dupont_libbyIn the parish the size of ours, it is not uncommon for our large gathering space to be full of groups selling stuff or seeking to recruit folks for a program. This is never more true than at Advent, when one year groups had to be shuffled into the parish hall (less than prime real estate to say the least) because in the plaza we had Knights selling books, teens selling cookies, Scouts selling wreaths, Fair Trade people selling coffee... you get the picture. If not managed fairly, the intersection of all these groups competing for fundraising dollars can get ugly. For the most part, our fabulous facilities coordinator handles it all with grace and heads off the greatest points of conflict at the pass. Once in a while, though, on a heavy fundraising weekend, I hear a comment from a parishioner that invokes the Gospel account of Jesus cleansing the Temple. The argument goes like this: since Jesus drove out the money changers from the Temple, he would be most unpleased with us for having stuff for sale in our plaza after Mass.

That's not my read of the scripture. Yes, we need to manage pleas for cash so that people don't get weary and so that we don't lose our focus on Christ. But, truth be told, at our church, the sellers are not in the church at all, but outside it. And some kids selling pastries to try and get to World Youth Day, or some vendors selling olive wood carvings to support persecuted Christians in the Holy Land are a far cry from usurers and cheats.

So, if Jesus is not commenting on my parish's fundraising pursuits, what's with the whips and overturned tables? Is Jesus just having a bad day or what? On my latest reading of this passage, in John, I was caught by Jesus' admonishment: "Stop making my Father's house a place of business" (2:16). It made me think. Regardless of what is being sold outside of Mass, how many times have I made Mass itself a kind of exchange of goods and services?

Isn't that what we are doing when we go there looking to "get something out of Mass"? Or when we subtly sit in the pew as if we are somehow doing God a favor? How about the times when we demand answers to our prayers like a three year old in the toy aisle at Target? I state these so bluntly not to try and shame anyone, but to wake myself from these attitudes that sometimes creep into my own piety. As Americans, we are used to being customers, consumers who give our buck to get a good or service. I think we have to work hard to not allow that to taint how we see God and how we see the means by which that God becomes present to us: the Mass.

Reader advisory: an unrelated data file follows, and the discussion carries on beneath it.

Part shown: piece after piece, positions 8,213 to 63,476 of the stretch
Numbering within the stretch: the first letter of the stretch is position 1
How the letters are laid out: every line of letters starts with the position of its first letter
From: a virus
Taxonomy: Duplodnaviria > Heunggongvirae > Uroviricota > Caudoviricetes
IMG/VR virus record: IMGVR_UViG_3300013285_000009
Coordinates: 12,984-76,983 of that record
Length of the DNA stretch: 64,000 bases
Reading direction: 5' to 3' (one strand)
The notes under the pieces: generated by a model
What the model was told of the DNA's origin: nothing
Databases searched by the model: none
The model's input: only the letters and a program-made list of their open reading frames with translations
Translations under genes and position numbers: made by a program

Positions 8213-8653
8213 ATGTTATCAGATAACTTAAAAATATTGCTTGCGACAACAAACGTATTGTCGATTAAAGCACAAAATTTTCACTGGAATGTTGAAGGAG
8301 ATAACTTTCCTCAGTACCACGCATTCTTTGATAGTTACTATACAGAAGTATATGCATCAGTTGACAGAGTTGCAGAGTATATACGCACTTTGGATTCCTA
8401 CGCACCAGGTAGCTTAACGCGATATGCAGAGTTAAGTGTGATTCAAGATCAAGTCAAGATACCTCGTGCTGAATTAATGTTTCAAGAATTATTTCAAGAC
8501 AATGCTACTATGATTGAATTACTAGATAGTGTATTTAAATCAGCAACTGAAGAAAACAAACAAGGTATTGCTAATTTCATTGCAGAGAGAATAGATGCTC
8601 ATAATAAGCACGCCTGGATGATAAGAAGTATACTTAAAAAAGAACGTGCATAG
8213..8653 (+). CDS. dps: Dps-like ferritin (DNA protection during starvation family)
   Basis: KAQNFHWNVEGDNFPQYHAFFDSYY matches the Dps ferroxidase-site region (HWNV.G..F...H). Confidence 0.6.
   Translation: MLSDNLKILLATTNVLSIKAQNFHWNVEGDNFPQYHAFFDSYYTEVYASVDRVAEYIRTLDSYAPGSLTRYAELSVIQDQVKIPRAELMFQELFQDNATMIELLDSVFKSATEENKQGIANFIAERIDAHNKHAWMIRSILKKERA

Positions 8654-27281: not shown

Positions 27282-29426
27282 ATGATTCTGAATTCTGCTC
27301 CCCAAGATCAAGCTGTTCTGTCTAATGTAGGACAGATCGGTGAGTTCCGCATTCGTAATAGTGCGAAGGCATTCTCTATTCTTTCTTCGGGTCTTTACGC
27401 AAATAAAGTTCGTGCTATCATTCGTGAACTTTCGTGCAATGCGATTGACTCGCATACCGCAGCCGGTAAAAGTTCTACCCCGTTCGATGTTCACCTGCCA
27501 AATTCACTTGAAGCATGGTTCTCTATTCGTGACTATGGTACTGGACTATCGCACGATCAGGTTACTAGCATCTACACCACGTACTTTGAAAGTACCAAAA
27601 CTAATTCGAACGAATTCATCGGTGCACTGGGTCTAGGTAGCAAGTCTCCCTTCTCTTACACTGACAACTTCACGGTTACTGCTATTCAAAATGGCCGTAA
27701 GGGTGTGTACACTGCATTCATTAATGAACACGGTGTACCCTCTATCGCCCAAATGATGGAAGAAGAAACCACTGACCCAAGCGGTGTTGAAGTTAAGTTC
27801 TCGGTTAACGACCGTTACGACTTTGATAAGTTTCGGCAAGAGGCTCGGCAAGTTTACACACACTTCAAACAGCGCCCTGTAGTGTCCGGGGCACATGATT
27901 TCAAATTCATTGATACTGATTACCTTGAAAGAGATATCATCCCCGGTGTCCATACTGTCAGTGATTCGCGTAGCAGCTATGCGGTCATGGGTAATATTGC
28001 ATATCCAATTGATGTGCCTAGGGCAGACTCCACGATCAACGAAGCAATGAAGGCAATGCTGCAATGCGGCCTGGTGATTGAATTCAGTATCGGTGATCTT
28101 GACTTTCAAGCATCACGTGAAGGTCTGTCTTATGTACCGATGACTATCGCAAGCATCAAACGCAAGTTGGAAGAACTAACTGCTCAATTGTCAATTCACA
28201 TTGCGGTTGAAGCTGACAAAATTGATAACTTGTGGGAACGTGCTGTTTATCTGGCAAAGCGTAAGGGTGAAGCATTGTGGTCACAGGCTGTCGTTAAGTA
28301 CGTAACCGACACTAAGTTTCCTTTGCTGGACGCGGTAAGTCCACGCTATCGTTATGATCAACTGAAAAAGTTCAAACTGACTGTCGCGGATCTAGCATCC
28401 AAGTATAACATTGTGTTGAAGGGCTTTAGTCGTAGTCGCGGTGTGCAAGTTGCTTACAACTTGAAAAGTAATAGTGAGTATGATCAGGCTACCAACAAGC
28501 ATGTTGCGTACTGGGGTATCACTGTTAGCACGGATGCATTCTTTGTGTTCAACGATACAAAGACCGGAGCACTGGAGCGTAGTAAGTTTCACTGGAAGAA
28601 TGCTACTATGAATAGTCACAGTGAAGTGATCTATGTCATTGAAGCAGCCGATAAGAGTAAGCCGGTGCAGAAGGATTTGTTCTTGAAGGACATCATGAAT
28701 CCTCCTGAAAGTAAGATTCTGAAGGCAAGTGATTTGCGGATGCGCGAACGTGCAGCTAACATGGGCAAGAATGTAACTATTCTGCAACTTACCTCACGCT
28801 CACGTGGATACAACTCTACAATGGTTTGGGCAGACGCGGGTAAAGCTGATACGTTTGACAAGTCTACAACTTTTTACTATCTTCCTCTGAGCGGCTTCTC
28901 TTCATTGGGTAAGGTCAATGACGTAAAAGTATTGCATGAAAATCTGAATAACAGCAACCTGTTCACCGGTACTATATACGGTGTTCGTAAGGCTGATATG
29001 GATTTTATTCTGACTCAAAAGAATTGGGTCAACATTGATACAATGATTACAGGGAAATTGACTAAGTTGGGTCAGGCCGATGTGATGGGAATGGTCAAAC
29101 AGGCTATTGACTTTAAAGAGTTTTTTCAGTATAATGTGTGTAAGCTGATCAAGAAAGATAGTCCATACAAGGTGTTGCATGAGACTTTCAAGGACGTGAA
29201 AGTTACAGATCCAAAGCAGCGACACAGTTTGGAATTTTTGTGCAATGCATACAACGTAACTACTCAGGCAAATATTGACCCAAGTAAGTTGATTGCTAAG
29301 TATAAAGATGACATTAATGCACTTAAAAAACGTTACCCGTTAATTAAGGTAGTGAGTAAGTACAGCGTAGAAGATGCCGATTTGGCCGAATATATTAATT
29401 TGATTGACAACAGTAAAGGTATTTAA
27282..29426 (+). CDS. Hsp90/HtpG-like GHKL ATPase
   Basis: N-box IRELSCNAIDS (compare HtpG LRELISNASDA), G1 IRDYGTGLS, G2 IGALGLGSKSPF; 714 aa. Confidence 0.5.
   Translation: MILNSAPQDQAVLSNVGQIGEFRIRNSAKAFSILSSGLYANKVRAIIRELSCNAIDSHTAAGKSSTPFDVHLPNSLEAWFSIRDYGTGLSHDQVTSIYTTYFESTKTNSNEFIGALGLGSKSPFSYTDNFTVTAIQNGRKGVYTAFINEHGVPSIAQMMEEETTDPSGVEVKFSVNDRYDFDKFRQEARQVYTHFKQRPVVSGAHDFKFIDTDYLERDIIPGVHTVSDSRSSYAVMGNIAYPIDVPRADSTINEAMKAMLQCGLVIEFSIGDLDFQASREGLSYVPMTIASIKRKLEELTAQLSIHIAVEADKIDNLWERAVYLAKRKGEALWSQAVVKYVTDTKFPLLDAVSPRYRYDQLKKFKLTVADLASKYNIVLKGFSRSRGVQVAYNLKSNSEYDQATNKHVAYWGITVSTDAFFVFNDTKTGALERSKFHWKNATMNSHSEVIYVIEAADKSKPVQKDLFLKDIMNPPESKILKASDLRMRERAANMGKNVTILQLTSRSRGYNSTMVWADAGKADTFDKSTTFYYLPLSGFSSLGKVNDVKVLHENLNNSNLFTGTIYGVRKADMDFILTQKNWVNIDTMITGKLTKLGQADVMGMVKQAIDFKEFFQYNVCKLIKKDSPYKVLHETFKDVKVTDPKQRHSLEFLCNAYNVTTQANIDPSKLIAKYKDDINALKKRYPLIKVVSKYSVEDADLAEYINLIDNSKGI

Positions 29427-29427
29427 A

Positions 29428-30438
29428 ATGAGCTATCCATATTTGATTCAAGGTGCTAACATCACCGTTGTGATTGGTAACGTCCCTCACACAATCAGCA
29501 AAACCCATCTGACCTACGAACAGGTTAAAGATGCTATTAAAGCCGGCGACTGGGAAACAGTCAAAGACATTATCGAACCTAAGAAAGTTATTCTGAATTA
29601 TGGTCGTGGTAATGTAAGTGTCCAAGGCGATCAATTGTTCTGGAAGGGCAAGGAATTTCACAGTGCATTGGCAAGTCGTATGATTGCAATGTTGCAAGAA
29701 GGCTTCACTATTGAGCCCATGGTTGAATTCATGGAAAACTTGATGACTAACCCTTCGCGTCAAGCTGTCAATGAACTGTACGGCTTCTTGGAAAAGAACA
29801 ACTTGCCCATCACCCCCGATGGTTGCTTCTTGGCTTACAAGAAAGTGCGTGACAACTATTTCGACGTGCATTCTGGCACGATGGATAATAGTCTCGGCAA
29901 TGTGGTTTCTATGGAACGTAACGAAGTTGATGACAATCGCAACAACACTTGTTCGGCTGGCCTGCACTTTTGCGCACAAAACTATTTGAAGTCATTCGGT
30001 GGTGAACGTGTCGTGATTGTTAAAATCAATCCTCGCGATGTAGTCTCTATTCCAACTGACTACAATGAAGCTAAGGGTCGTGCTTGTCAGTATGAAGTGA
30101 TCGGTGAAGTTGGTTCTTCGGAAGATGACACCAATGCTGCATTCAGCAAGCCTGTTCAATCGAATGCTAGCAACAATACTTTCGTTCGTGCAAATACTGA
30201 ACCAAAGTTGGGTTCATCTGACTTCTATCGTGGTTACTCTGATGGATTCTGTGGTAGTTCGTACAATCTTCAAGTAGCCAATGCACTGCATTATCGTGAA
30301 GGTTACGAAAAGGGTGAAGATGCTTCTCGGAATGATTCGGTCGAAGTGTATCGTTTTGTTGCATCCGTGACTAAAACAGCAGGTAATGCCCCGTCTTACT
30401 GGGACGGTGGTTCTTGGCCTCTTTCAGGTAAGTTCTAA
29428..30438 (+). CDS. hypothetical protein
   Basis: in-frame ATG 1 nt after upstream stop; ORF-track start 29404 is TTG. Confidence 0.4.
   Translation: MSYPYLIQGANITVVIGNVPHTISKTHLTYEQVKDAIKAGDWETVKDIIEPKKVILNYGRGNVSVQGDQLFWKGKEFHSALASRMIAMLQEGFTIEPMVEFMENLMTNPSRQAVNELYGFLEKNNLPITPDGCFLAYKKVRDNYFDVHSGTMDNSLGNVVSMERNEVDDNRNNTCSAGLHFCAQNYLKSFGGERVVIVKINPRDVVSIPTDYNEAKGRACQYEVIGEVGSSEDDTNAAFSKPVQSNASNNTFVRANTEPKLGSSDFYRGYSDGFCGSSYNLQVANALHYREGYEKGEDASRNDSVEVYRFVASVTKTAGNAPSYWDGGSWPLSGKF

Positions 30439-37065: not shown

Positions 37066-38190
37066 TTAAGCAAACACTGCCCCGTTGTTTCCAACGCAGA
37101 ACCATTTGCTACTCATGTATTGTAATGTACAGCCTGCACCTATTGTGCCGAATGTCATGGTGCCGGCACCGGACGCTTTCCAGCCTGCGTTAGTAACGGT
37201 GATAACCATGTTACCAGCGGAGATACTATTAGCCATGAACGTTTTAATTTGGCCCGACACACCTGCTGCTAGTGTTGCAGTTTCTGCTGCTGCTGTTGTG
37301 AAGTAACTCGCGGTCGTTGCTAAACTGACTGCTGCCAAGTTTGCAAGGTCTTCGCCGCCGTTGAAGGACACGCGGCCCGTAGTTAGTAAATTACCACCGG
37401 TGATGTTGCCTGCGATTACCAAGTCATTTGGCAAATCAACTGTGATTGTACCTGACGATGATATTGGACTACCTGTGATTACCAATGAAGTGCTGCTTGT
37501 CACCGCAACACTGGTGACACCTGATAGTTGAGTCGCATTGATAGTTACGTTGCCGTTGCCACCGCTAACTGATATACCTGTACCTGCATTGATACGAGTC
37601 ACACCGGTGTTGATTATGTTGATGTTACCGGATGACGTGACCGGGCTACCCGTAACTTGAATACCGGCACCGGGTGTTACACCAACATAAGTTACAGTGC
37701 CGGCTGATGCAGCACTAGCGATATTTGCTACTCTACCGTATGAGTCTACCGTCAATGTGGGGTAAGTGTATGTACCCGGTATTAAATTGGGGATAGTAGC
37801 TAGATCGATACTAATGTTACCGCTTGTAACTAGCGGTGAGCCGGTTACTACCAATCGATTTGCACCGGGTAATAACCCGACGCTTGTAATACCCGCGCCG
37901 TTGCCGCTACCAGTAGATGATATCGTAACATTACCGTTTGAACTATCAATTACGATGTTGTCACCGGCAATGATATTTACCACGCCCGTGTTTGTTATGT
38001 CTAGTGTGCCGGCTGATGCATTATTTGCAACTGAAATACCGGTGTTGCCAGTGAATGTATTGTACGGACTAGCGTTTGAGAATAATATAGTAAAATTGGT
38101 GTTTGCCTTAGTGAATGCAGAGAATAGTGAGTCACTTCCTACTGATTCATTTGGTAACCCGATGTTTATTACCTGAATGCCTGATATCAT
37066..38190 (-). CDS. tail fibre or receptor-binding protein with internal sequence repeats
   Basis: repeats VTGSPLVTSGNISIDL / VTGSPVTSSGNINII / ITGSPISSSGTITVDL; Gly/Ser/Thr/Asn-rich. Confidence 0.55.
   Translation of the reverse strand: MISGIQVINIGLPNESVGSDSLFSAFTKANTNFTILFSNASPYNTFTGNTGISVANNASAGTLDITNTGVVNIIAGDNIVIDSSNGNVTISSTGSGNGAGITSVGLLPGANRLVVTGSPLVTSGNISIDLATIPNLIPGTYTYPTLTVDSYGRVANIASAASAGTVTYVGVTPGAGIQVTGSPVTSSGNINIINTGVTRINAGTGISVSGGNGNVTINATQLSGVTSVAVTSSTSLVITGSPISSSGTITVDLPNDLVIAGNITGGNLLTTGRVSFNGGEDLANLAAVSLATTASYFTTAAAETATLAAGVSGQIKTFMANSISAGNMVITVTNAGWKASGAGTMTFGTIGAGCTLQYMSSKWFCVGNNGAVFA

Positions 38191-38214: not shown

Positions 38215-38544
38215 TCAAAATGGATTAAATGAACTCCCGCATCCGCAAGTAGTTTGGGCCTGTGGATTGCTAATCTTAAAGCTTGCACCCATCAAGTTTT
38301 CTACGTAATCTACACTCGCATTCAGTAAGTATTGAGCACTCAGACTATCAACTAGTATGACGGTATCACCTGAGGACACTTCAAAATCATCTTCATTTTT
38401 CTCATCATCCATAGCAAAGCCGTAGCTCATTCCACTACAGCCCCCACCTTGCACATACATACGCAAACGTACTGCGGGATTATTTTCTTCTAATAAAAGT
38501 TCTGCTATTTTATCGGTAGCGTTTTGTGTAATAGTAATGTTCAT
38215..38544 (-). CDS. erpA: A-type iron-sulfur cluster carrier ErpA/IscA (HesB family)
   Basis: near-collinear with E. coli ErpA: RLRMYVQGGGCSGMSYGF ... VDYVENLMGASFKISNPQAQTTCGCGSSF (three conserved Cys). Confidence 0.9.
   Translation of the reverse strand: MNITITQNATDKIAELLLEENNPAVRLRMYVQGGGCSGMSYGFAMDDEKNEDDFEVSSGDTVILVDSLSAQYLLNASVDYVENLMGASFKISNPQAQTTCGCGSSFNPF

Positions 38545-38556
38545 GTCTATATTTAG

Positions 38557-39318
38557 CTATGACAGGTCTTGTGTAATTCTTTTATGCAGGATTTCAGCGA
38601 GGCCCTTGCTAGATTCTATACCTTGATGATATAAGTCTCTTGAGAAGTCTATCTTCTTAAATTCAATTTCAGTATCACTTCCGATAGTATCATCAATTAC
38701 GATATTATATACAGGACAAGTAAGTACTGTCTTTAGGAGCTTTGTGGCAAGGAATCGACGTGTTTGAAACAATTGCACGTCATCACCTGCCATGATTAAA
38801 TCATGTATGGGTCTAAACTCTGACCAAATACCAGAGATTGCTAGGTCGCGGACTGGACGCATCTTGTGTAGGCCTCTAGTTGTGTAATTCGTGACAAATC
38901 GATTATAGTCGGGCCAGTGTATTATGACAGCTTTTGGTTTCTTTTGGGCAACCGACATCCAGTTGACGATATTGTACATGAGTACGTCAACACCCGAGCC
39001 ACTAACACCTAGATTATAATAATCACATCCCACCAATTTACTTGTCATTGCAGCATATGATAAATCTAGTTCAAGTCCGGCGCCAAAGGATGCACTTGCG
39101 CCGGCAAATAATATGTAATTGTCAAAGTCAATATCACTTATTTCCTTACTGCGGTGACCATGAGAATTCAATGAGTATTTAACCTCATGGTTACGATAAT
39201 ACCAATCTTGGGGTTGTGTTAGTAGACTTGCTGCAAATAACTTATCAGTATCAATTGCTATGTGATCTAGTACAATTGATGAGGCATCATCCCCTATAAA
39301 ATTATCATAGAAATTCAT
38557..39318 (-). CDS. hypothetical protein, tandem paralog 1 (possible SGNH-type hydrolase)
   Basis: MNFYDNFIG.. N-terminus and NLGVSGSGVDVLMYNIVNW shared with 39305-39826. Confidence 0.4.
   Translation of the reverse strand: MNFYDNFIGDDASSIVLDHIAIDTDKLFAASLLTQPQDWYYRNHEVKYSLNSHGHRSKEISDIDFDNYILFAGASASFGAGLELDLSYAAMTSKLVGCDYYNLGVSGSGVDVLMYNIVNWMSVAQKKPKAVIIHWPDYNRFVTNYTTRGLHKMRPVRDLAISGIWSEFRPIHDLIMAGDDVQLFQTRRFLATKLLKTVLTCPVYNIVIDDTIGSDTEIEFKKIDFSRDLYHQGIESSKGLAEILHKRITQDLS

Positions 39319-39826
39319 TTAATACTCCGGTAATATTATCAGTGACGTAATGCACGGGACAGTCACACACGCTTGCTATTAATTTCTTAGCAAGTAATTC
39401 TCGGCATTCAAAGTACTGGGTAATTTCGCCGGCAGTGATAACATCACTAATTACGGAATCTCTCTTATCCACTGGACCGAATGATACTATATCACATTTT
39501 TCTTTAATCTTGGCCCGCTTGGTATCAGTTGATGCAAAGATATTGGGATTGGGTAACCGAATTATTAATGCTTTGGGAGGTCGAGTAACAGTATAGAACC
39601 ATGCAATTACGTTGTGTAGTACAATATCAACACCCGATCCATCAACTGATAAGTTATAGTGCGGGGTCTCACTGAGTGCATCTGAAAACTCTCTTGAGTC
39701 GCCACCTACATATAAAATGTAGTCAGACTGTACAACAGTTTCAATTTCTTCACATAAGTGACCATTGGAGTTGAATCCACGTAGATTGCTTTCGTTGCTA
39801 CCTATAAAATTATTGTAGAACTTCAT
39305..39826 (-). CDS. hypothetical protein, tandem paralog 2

What is Mass after all, but a sacrifice? All religions in the world before the modern era involved some sort of sacrifice for the expiation of sin. People understood that in the face of the Guy who made the earth and who decides if the mix of sunshine and rain will be right to grow enough food so they didn't die, they didn't quite measure up. Sacrifice of some kind was needed to try and bridge that gap between us and Him. And that is what the Mass is... with a very major twist. In Mass, that God of the Universe himself is the sacrifice, offered so that we could not just approach him but consume him as bread.

So, it follows that Jesus, after turning over the tables, shifts the conversation to the temple of his body (Jn 2:21). The Temple of the Jews, 46 years in the making, was a magnificent splendor in which to behold God's presence and to worship him. But it was not the last word. Now, we worship at the altar where God himself is the sacrifice. Jesus' Body and Blood is offered to the Father, and to us as food. Which, frankly, makes "what do I get out of it" question suddenly seem kind of shallow. What I "get" is a participation in the life of God. Salvation. And what I am asked to give in return is not my butt on a pew for 50 minutes once a week, but my whole life. My whole self.

So, the next time your peaceful exit from Mass is interrupted by some well meaning parish group trying to get you to support their cause, let it remind you that inside the Church, the transaction involves stakes that are infinitely higher.

Copyright 2010 Libby DuPont